Posted by: John Hall | June 28, 2011

Push Back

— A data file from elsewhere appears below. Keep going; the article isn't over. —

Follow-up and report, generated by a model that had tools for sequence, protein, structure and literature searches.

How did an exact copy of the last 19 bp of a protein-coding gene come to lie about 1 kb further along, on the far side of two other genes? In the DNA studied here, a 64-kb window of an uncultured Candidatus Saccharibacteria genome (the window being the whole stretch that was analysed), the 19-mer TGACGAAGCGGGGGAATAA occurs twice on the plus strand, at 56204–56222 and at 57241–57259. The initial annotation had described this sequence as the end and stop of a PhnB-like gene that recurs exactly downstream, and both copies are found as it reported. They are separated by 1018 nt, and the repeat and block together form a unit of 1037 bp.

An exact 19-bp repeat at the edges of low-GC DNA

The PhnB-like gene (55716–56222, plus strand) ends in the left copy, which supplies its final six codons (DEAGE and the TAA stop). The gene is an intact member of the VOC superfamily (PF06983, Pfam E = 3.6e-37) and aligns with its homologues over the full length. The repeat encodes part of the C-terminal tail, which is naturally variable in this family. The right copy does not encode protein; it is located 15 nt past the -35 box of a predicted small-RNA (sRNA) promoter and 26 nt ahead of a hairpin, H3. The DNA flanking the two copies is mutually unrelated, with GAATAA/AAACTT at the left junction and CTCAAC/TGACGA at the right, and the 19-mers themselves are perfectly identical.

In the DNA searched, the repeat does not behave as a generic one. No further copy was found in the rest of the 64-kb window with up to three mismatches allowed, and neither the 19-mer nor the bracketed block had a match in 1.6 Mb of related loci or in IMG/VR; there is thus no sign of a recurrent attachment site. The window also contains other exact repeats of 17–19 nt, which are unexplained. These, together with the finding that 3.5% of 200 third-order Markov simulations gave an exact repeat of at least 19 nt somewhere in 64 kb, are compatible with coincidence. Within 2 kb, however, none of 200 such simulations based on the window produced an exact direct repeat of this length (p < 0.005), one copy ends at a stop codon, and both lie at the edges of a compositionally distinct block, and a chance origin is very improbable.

I want to strongly object to the use of the term ‘push back’.  Why, I ask, can’t we use the tried and true term – object.  There is a sense of nobility with the term ‘object’ because more is wagered on the outcome.  Are you right or wrong, will you make your case well or poorly?  It seems to me that at the heart of this issue is our society’s desire to be more tolerant.  In certain cases I applaud toleration.  When someone takes your parking spot or the mail is wet – these are times for toleration.  However, I have just finished a masters degree in theology and I feel strongly that that arena in particular is not one for ‘push back’ but for objection.  The problem with the term ‘push back’ is that it seems to imply that you are on the right track, you just need a little push to see things differently, but differently doesn’t necessarily mean better.  Even the sign language for ‘push back’- hands at your side, finger tips up and palms out in a shoving gesture – should be enough to get someone voted off the island.  ‘Push back’ implies, in a special anaemic way, that there is no absolute truth worth striving for.  It’s a passive/aggressive nightmare. Be assured that there is no ‘push back’ in engineering.  But ‘push back’ is a problem in theology.  As I mentioned above the term ‘push back’ passively endorses the notion of toleration, but Christianity and the word toleration should never be used in the same sentence.  The Christian faith hinges on the amazing gift of Christ’s sacrifice.  God loved the world so much and hated sin so much that Jesus came to die in our place.  That doesn’t sound tolerant at all.  The lack of toleration in Christianity doesn’t end there.  Christians are not called to tolerate people who hate them, we’re called to love them and pray for those who persecute us.  We’re not to do this silently but to actively decry injustice and hatred.  Christians are called to protect the weak and helpless by giving ourselves in their place if necessary.  I don’t want to be called a tolerant Christian; instead I want to be more like Christ who gave up everything for me.  He didn’t ‘push back’ and leave me to die in my sin, but he chased me down because he loves me so much.  His actions shook the earth.  I’m not suggesting that one side or another in a Christian debate has a handle on absolute truth to the exclusion of the other.  Our sin and our human limitations ensure that.  We need to be gracious in our debating, but we do need to debate because the stakes are too high for an anaemic push.


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